We live in curious times. While the Tory party membership of around 180,000 is currently choosing who will be our next Prime Minister, the opposition is slowly but surely tearing itself into pieces.
This has been a tough few weeks for Jeremy Corbyn. Not only was his name not sung to the tune of Seven Nation Army once at Glastonbury this year, a YouGov poll released last week showed that just 18% of the electorate would vote Labour at a General Election. This is their weakest result in decades.
Add to this the continuing scourge of antisemitism, dangling over the party like a filled-up dog-poo bag in a bush, and it’s hardly surprising that the party’s leaders are all starting to attack one another.
Despite the media’s gaze being fixed intently at Boris Johnson’s procession to No. 10, a far more fascinating leadership race could be emerging.
And this shit is practically Shakespearian.
On Wednesday, a Panorama report into antisemitism within the Labour Party will be aired. Former Labour employees, politicians and advisors will speak candidly about alleged attempts by the party to cover up cases of antisemitic abuse carried out by hard-left figures within the party.
These left-wing, anti-Zionist zealots were, for many years, banished to the confines of the fringes of the party – now, under Corbyn’s stewardship, they are in the mainstream.
Corbyn has a team of allies around him that include Jennie Formby (currently absent from politics while she battles cancer – Between the Lines send their hopes for a speedy recovery), Karie Murphy and Seamas Milne. These three names have been centre-stage during the antisemitism controversies, and are rumoured to be behind planned lawsuits against the whistleblowers in the Panorama documentary.
But their vice-like grip on Corbyn appears to be weakening.
They have been largely blamed for Corbyn’s refusal to steer the Labour Party towards favouring a second referendum, something that all but a few Labour MPs are strongly, and vocally, in favour of. Combined with the influence of Eurosceptic Len McCluskey, the General Secretary of Unite the Union (a massive trade union and major Labour Party donor), many Labour MPs are bemoaning the fact that the unelected figures around Corbyn seem to be the ones with the real power.
Pleasing everyone is impossible in politics, but it seems as though Corbyn has been trying to play both sides for too long – something would have to give eventually, and now it finally seems as though it will.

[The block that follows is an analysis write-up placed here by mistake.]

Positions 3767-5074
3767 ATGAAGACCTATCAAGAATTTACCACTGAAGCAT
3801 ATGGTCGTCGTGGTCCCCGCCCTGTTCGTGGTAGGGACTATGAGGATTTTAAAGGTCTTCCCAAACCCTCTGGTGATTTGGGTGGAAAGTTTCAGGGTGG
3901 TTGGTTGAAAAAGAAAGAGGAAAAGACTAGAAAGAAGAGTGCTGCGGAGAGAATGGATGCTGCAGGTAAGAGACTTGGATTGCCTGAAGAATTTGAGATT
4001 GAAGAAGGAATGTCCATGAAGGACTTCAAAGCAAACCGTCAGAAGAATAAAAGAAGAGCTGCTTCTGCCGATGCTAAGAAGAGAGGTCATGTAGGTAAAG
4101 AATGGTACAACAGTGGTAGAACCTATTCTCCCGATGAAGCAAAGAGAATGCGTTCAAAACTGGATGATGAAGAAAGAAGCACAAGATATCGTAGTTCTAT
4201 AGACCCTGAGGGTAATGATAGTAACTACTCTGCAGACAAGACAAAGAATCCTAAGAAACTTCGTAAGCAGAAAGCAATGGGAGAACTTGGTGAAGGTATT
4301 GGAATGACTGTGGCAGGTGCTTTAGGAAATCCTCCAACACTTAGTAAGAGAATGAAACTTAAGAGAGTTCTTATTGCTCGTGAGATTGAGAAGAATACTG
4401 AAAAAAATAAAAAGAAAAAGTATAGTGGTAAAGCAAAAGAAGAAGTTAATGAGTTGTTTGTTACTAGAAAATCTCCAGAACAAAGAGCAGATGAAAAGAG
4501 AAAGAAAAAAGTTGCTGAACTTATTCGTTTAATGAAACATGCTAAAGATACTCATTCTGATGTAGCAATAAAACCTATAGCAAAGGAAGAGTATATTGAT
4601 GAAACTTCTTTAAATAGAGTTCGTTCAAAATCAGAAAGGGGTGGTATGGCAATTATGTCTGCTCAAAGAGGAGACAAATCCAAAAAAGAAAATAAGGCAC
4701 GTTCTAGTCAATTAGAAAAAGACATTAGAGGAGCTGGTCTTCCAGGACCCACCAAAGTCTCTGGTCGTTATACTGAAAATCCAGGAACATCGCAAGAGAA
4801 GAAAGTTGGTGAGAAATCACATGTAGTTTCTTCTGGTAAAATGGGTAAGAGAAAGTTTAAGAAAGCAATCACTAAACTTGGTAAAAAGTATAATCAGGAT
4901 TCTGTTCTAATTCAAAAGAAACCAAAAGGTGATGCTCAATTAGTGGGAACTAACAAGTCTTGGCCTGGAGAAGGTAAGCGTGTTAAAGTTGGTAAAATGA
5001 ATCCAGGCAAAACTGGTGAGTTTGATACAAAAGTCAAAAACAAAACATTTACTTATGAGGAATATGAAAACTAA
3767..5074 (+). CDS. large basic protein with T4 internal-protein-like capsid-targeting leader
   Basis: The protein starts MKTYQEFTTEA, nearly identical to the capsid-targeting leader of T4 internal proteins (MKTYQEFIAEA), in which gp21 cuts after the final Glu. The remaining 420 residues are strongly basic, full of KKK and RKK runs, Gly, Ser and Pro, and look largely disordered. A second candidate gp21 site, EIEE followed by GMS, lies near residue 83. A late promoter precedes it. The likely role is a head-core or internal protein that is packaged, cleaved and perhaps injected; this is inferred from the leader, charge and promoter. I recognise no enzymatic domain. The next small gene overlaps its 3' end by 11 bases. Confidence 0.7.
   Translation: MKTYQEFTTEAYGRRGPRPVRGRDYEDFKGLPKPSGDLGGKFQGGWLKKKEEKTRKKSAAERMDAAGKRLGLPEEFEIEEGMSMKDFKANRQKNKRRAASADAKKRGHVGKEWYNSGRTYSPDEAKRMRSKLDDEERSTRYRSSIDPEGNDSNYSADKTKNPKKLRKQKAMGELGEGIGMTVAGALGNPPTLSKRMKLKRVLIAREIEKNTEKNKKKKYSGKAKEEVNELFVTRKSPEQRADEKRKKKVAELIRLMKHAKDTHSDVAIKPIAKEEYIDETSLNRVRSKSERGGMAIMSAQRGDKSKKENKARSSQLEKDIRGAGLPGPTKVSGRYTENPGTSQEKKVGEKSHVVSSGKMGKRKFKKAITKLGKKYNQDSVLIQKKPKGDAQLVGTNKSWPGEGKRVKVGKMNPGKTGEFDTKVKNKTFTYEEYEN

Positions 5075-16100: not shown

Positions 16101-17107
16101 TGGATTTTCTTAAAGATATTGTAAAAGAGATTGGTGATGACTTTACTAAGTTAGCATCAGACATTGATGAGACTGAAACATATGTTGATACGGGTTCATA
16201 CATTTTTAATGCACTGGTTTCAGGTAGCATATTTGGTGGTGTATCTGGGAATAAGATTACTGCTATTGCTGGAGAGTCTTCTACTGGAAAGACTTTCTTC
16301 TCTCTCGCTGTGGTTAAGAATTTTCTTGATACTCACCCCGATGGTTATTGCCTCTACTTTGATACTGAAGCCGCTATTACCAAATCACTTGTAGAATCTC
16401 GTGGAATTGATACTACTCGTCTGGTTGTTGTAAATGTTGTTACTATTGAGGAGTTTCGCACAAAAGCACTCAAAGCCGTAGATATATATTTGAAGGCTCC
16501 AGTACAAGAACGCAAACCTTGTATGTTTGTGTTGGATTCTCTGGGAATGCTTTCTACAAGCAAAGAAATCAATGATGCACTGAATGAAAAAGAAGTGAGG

The Death Of Corbyn
In another personal matter, Karie Murphy, the Labour Chief of Staff, has also taken a temporary break from politics following the passing of her mother last week. Her absence seems to have emboldened some of those MPs who have felt shut out by her influence.
Enter Diane Abbott, long-standing Corbyn-supporter and, at one point, lover.
Abbott reportedly confronted Corbyn this week, as did John McDonnell, the Shadow Chancellor. Both told him to sack Murphy and Milne, the communications director, and to tack towards a Second Referendum.
And if he didn’t? Mutiny.
Abbott openly challenging her beloved Corbyn like this is akin to Piers Morgan standing in front of a mirror and telling himself not to be such a massive bellend – desperately unlikely, but largely welcomed.
But mutiny may well be on the way whatever Corbyn decides to do. With the antisemitism furore raging, and the upcoming documentary poised to douse the flames with nothing but lighter fluid, Tom Watson, the deputy leader, has done little to hide his posturing for the leadership in recent weeks.
He’s explicitly recruited MPs onside for a potential overthrow, has been a prominent campaigner for a People’s Vote for months and has directly, and publicly, clashed with Formby over the handling of the antisemitism crisis.
However, reports suggest that, for now, he will simply watch the hard-left at the top of the party destroy themselves like a pack of starving hyenas and then just stroll into the top job.
But he isn’t the only one, either – McDonnell himself has been having private meetings with MPs to create a scenario where a centre-left, appealing candidate would take the top job (Sir Keir Starmer, Angela Bailey and Rebecca Long-Bailey have all been touted), but he would remain as Chancellor to maintain his left-of-centre economic policy.
It is starting to look pretty lonely at the top for Corbyn. A principled man but a deeply-flawed politician, opinion polls suggest that most members of the public view him as a pretty feeble leader of the opposition, and it would be hard to argue against them.
In a period where a united party with a coherent strategy would have flattened the Tories by now, he has utterly failed to do his job. The relative success of the 2017 General Election has been marred by antisemitism, confused Brexit strategies and a systematic failure to hold the government to account.
On a day where Sajid David has pledged his support to Boris Johnson, further cementing the inevitable result of him becoming Prime Minister, the Labour Party should be screaming about the dangers of a Johnson government from the rafters.
Instead, they are putting out fires inside their own house. The sooner that Corbyn goes, the better.
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